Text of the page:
The European Union Sunday said it expects India and other emerging economies to contribute to the Green Climate Fund after 2020, stating that “geopolitical realities have changed significantly”. South Africa, speaking on behalf of G-77 plus China, and supported by BASIC, LMDC and other groups of small nations, warned that “any attempt to re-negotiate, re-write or re-define” the basic principles of the UNFCCC would delay the process of reaching the Paris agreement. —Press Trust of India, 9 February 2015
Climate change negotiations started at Geneva on Sunday, working to draw the rough blueprint for the global Paris agreement, which will be agreed upon by the end of the year. The signs of solidarity over select issues, which had emerged in the developing country block, G77+China, at Lima last year, reverberated at the Geneva venue too. On Monday several of the groups that fall within the umbrella of the G77 demanded that the ‘Loss and Damage’ track of negotiations be treated separately from the talks on the issue of adaptation. At the same time, the European Union (EU) demanded that the preamble of the Paris agreement not have any reference to the existing provisions of the United Nations (UN) Framework Convention on Climate Change or to historical responsibility of the developed countries. –Nitin Sethi, Business Standard, 10 February 2015
Almost 200 nations complicated a drive for a UN deal to combat climate change in 2015 on Wednesday by more than doubling the length of a draft negotiating text to about 100 pages of radically varying solutions. The new text, of about 100 pages, swells a draft of 38 pages from talks in Lima last year, complicating the task ahead of a Paris summit starting in November that is due to agree a UN deal to limit global warming. Geneva is the last session for adding texts. Under UN rules, an official draft as the basis for talks has to be ready six months before the summit. The text lists a huge range of options that are unlikely to be resolved before Paris. —Reuters, 12 February 2015
The alarmists keep telling us their concern about global warming is all about man’s stewardship of the environment. But we know that’s not true. A United Nations official has now confirmed this. At a news conference last week in Brussels, Christiana Figueres, executive secretary of U.N.’s Framework Convention on Climate Change, admitted that the goal of environmental activists is not to save the world from ecological calamity but to destroy capitalism. “This is the first time in the history of mankind that we are setting ourselves the task of intentionally, within a defined period of time, to change the economic development model that has been reigning for at least 150 years, since the Industrial Revolution,” she said. Referring to a new international treaty environmentalists hope will be adopted at the Paris climate change conference later this year, she added: “This is probably the most difficult task we have ever given ourselves, which is to intentionally transform the economic development model for the first time in human history.” —Investor’s Business Daily, 10 February 2015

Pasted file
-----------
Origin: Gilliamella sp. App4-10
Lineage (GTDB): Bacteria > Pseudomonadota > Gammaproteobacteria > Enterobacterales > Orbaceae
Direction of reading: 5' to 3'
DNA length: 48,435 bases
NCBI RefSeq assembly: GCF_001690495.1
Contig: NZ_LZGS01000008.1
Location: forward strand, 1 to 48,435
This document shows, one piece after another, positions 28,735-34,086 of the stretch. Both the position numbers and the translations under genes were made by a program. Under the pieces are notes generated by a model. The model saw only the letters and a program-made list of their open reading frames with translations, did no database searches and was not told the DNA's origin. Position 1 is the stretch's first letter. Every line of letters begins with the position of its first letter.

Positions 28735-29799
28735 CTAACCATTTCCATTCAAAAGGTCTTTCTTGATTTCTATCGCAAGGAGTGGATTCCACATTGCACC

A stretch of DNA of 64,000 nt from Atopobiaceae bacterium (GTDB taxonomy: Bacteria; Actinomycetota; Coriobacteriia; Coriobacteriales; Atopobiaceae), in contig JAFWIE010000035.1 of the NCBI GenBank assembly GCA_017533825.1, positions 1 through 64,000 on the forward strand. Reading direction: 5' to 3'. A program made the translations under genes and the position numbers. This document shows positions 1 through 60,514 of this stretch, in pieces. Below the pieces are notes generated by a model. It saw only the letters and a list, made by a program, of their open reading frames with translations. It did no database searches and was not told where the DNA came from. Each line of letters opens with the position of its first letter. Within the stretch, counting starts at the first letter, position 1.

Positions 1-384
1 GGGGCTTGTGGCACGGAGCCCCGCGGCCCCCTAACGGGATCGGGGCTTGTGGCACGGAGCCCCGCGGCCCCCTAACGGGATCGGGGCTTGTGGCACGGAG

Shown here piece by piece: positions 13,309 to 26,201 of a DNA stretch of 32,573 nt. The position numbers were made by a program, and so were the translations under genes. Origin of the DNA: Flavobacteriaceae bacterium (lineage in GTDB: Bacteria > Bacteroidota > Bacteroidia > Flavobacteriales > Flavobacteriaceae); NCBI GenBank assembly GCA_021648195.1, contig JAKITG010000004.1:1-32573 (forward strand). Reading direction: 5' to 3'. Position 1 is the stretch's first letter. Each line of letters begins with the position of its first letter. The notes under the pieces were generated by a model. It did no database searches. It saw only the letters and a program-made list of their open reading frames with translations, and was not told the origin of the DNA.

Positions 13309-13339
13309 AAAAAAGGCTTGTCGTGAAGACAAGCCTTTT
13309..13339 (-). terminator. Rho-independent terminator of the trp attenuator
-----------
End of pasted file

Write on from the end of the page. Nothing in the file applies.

After analyzing more than 3200 articles, it finds that skeptical voices increased their presence markedly across all newspapers and all types of articles in the second period, and maintained a significant presence in many in the third. Clearly, over a considerable period of time, and judged by their ongoing presence in the UK’s print media, skeptics have been successful merchants of doubt. Previous studies have shown that since its formation in 2009, the GWPF has been particularly adept at achieving a very significant presence in the UK print media. –James Painter & Neil T. Gavin, Environmental Communication, 27 January 2015
A wave of political and regulatory uncertainty sweeping across the EU has caused the rate of wind farm installations to plummet by as much as 90 per cent in some countries. Investments have been severely undermined by “erratic and harsh” changes to renewable energy policies in several previously large wind markets, according to the European Wind Energy Association. The rate of installations plunged by 90 per cent in Denmark; 84 per cent in Spain and 75 per cent in Italy, the association has reported in its latest annual assessment of the industry. –Pilita Clark, Financial Times, 10 February 2015
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